How can I make a design studio class more accessible to students with disabilities?

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There are two approaches for making academic activities accessible to students with disabilities—accommodations and universal design. An accommodation makes adjustments for a specific student with a disability, such as providing assistive technology or materials in alternate formats. The goal of universal design is to create products and environments that are usable by everyone (including people with disabilities), to the greatest extent possible, minimizing the need for accommodations for individuals in the future. For example, if a studio classroom contains an adjustable-height drafting table, an accommodation will not be needed for a student who uses a wheelchair that is too high for a standard-height drafting table. This table as well as an adjustable-height chair may also be comfortable for a student who needs to remain seated because of a health impairment or someone who is very tall or short in stature. Making accommodations is reactive, whereas universal design is proactive.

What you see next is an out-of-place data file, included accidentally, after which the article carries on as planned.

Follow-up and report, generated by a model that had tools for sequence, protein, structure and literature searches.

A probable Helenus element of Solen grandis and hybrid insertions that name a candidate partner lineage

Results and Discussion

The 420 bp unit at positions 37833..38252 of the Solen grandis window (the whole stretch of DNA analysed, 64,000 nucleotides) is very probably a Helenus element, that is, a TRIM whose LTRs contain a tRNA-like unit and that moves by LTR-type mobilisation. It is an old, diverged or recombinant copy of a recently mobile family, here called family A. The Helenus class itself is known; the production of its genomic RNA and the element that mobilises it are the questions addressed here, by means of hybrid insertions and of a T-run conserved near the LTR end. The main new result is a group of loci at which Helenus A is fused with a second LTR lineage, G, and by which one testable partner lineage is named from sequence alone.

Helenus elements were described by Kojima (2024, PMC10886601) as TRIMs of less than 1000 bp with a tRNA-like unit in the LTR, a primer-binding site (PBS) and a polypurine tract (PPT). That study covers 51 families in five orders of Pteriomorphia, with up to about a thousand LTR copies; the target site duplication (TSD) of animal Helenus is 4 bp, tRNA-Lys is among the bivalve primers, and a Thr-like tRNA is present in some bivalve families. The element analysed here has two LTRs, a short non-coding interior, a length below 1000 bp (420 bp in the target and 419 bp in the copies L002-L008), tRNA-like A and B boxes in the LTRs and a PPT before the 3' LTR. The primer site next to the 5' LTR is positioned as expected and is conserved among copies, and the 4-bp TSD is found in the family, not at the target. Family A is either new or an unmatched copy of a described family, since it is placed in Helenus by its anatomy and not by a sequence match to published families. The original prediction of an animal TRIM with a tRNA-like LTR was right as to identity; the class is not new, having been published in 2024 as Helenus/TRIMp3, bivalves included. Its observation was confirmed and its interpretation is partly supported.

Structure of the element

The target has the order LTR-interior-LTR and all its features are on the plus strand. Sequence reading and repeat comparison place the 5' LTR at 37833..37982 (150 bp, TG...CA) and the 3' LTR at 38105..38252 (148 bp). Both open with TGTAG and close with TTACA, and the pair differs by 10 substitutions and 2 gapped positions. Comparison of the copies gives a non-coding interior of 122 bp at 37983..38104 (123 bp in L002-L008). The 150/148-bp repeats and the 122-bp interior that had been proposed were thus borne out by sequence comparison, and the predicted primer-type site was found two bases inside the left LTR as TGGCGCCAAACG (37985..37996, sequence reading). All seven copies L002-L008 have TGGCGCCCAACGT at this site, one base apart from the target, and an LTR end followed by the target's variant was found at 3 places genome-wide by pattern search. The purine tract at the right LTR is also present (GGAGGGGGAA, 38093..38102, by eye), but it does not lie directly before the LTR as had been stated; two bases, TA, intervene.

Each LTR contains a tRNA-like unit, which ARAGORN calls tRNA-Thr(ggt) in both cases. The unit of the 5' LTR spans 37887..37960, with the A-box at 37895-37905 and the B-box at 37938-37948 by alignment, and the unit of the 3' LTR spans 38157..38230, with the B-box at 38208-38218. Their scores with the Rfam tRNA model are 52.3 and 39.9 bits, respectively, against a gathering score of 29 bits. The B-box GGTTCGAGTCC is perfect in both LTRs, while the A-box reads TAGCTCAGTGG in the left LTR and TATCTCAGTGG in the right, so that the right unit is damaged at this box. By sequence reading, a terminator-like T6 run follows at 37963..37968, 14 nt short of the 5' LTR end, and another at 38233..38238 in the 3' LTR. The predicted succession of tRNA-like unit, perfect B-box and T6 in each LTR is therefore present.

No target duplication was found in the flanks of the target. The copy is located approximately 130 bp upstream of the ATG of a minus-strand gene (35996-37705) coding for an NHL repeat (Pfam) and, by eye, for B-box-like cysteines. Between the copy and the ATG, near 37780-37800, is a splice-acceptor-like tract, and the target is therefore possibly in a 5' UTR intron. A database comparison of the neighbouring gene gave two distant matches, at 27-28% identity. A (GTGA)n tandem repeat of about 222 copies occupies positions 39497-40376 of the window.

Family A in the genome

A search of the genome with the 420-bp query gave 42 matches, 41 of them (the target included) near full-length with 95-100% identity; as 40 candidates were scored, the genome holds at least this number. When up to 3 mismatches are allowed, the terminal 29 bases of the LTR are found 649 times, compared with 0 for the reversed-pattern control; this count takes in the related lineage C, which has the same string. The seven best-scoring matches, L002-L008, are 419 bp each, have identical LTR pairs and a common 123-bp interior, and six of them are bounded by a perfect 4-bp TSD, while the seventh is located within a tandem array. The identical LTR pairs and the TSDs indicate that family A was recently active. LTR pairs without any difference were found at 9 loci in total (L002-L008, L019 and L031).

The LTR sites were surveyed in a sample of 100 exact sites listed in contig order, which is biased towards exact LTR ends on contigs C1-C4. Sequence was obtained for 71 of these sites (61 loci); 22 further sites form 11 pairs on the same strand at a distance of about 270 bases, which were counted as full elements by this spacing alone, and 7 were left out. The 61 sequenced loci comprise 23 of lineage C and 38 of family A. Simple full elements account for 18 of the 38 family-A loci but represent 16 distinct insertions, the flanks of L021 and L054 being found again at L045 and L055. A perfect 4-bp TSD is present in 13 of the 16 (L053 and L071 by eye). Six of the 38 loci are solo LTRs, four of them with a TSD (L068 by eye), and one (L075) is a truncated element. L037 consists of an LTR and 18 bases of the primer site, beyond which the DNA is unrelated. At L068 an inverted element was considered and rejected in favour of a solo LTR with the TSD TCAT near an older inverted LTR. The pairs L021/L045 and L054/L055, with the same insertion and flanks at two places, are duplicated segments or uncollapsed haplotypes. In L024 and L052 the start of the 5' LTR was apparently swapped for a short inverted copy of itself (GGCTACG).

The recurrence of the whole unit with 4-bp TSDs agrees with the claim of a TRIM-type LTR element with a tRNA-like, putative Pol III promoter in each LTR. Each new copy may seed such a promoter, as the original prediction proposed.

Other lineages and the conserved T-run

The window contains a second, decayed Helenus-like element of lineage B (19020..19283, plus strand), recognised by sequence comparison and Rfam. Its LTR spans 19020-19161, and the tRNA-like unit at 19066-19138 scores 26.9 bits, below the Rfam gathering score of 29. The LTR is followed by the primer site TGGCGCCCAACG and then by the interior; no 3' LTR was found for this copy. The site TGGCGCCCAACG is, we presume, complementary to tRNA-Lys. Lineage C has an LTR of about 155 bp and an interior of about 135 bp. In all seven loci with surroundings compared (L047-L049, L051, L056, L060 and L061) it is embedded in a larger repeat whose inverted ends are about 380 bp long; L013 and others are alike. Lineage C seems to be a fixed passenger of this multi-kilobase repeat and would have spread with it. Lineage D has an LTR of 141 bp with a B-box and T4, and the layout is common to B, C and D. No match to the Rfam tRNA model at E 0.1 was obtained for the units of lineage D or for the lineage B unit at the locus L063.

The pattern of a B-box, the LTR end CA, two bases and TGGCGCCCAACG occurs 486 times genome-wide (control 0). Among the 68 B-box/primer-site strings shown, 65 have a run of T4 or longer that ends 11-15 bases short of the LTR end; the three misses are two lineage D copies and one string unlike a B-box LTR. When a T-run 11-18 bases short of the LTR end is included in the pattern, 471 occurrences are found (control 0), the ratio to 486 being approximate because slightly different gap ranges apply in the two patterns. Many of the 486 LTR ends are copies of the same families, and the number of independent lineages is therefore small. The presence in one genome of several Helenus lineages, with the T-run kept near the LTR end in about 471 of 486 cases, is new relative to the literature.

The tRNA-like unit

Issues specific to design that you might want to consider include:

  • Are there quiet work areas or meeting areas where noise and other distractions are minimized?
  • Is an adjustable-height drafting table available? Can the height be adjusted from a seated position? Is an adjustable-height chair available?
  • Are group workspaces accessible to students using wheelchairs?
  • Is software used accessible to students who use screen readers or voice-activated software?
  • Are there accommodations for students who may not be able to carry around large drawings or models?
  • Are students who lack fine motors skills able to complete drawing assignments using a computer?
  • Is accessible transportation available for fieldwork and field trips associated with design programs?
  • Are there accommodations for students who may not be able to work on a project uninterrupted for long periods of time due to disability-related issues?
  • Are sign language interpreters available for studio group hours or end of term studio reviews?
  • Are there inks, paints, or glues used in your class that might create a problem for individuals with allergies or chemical sensitivities?
  • Are any images or slides used in instruction posted online for students to review?

For additional information and resources that can be used to create a more accessible design studio class consult:

AccessDesign has been developed in partnership with Access to Design Professions, Institute for Human Centered Design, (IHCD) Boston, MA and funded in part by a grant from the National Endowment for the Arts (NEA).

Last update or review: May 14, 2014